‘Dance of the Fauves’, circa 1970
Philip & Kelvin LaVerne
A LANDSCAPE OF geometric relief shapes scatters across five interspersed bronze plates. Hoisted in mid-air by thin connectors, these roughly-cast surfaces run perpendicular to an undulating base plane and a polychromed tabletop. The dark-hued legs and support are more organic in shape and somehow meld together, while the turquoise counter follows straight lines. Though these contrasting elements might seem disjointed, a heavily patinated and brushed texture creates a palpable connection. Altogether, this rectilinear table appears to be floating off the ground, and yet, its sturdiness, thickness, and sheer materiality suggests otherwise.
‘Dance of the Fauves’ was designed by celebrated 20th-century father-son duo Philip and Kelvin LaVerne in 1970. This low-lying table is characteristic of the New York-based studio craft practice. The pair were known for creating functional sculptures that paid tribute to the past while also exploring new forms. Many of the first works they created together in the early 1960s made reference to historical civilisations, such as Ancient China, Greece, Rome, and Egypt, with elements inspired by mythology. They often buried these compositions in soil to achieve the appearance of antiquity.
Over time, their mastery of materials like cast bronze and moulded pewter moved into more experimental territory. Their use of unconventional techniques like hand-torching and chemical reactions led to more abstraction, and yet their implementation of traditional motifs remained evident. The LaVernes began translating these works into furnishings such as tables and consoles. With Philip’s death in 1987, his son Kelvin moved on to an entirely different practice. For that reason, many of the works they created during the two productive decades they worked together are rare and highly sought after.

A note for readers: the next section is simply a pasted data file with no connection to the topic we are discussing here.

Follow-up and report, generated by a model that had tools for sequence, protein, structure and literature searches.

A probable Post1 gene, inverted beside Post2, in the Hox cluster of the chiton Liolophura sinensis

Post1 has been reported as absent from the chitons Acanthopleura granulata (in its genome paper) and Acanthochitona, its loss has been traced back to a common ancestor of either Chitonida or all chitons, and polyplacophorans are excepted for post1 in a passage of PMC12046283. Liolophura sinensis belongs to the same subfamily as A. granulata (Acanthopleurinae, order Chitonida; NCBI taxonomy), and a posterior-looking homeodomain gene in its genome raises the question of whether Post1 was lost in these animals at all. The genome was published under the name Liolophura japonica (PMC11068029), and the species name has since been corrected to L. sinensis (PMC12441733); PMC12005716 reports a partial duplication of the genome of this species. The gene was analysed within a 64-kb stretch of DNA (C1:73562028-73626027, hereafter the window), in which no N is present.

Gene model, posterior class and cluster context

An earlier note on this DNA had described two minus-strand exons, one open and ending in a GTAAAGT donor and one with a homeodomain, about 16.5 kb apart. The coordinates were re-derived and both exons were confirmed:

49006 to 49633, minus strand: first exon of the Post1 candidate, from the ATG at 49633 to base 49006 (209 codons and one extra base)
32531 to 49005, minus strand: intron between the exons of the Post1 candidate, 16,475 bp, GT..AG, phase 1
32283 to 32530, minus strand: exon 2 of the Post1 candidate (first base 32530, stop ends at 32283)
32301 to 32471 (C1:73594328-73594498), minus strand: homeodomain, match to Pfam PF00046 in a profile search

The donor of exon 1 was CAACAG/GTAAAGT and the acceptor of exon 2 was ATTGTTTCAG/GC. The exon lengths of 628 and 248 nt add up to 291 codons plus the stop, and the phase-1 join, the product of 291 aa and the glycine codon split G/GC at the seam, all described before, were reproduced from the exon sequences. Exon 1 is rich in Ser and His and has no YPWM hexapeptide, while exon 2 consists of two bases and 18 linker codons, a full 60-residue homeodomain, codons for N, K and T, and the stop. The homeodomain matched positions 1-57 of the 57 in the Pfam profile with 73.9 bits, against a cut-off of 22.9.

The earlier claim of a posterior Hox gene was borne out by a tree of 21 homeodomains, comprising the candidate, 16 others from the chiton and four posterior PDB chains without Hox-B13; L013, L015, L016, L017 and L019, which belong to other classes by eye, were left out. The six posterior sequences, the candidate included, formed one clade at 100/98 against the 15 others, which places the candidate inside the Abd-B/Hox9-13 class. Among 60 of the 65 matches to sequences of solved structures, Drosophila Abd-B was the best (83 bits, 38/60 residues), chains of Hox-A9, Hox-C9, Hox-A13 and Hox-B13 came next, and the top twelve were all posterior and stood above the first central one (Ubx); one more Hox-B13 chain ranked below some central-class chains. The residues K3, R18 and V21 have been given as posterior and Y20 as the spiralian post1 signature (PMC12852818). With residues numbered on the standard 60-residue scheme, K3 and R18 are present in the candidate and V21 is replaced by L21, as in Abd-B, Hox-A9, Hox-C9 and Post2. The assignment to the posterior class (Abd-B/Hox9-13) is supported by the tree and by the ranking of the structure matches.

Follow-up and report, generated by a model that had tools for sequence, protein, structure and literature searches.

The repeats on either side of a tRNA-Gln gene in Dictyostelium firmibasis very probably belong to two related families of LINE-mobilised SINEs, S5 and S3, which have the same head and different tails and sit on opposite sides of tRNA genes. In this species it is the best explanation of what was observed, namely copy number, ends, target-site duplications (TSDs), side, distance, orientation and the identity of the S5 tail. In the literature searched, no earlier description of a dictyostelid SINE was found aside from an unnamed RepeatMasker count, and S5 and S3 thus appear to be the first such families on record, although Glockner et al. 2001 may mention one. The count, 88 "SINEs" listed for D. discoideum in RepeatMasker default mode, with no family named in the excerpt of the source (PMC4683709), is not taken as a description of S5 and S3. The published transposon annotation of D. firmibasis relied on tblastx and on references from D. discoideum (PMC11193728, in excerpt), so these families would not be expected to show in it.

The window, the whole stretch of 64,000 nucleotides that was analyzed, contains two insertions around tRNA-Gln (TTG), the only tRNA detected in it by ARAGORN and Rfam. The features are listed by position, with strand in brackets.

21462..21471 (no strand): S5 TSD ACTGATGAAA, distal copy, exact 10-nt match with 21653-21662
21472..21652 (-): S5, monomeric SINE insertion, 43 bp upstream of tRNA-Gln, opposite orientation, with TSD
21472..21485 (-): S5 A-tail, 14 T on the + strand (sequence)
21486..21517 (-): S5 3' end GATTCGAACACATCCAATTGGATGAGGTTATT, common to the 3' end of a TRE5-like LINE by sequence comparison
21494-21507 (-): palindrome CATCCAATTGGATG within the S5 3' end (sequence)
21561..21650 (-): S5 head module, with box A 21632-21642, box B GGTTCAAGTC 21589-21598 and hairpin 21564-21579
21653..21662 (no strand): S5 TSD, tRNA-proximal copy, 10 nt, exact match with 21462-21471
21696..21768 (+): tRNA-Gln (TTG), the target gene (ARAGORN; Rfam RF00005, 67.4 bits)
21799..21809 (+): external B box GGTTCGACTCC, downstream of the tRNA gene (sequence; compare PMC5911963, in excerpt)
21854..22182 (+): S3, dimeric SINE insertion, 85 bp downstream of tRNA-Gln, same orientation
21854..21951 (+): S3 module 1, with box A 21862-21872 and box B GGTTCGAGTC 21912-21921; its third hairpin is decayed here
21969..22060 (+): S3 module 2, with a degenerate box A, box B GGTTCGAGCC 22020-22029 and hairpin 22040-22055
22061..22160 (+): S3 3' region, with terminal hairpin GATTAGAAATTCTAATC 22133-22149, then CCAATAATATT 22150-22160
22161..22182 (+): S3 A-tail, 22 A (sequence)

‘Dance of the Fauves’ is a homage both to Fauvism, with its daring use of colour, and also to the post-war modern architecture of the time. “Kelvin was inspired by 20th-century art and culture and has made many tables in celebration of different artists and social movements,” New York gallerist and founder of Donzella gallery, Paul Donzella, explains. “Although it’s quite festive in many aspects, it is also one of the very few LaVerne creations that can be called ‘brutalist’ in its style.” The more painterly, exuberant qualities associated with the early 20th-century art movement and the asperity of monolithic and blocky buildings seem to be reconciled in this highly expressive piece.
On view until January 22nd, celebrated antiques fair, The Winter Show, has gone virtual. In doing so, it asked every exhibiting gallery to select a featured item to present. Donzella chose this distinctive piece.
Donzella – a curated gallery space specialising in post-war design.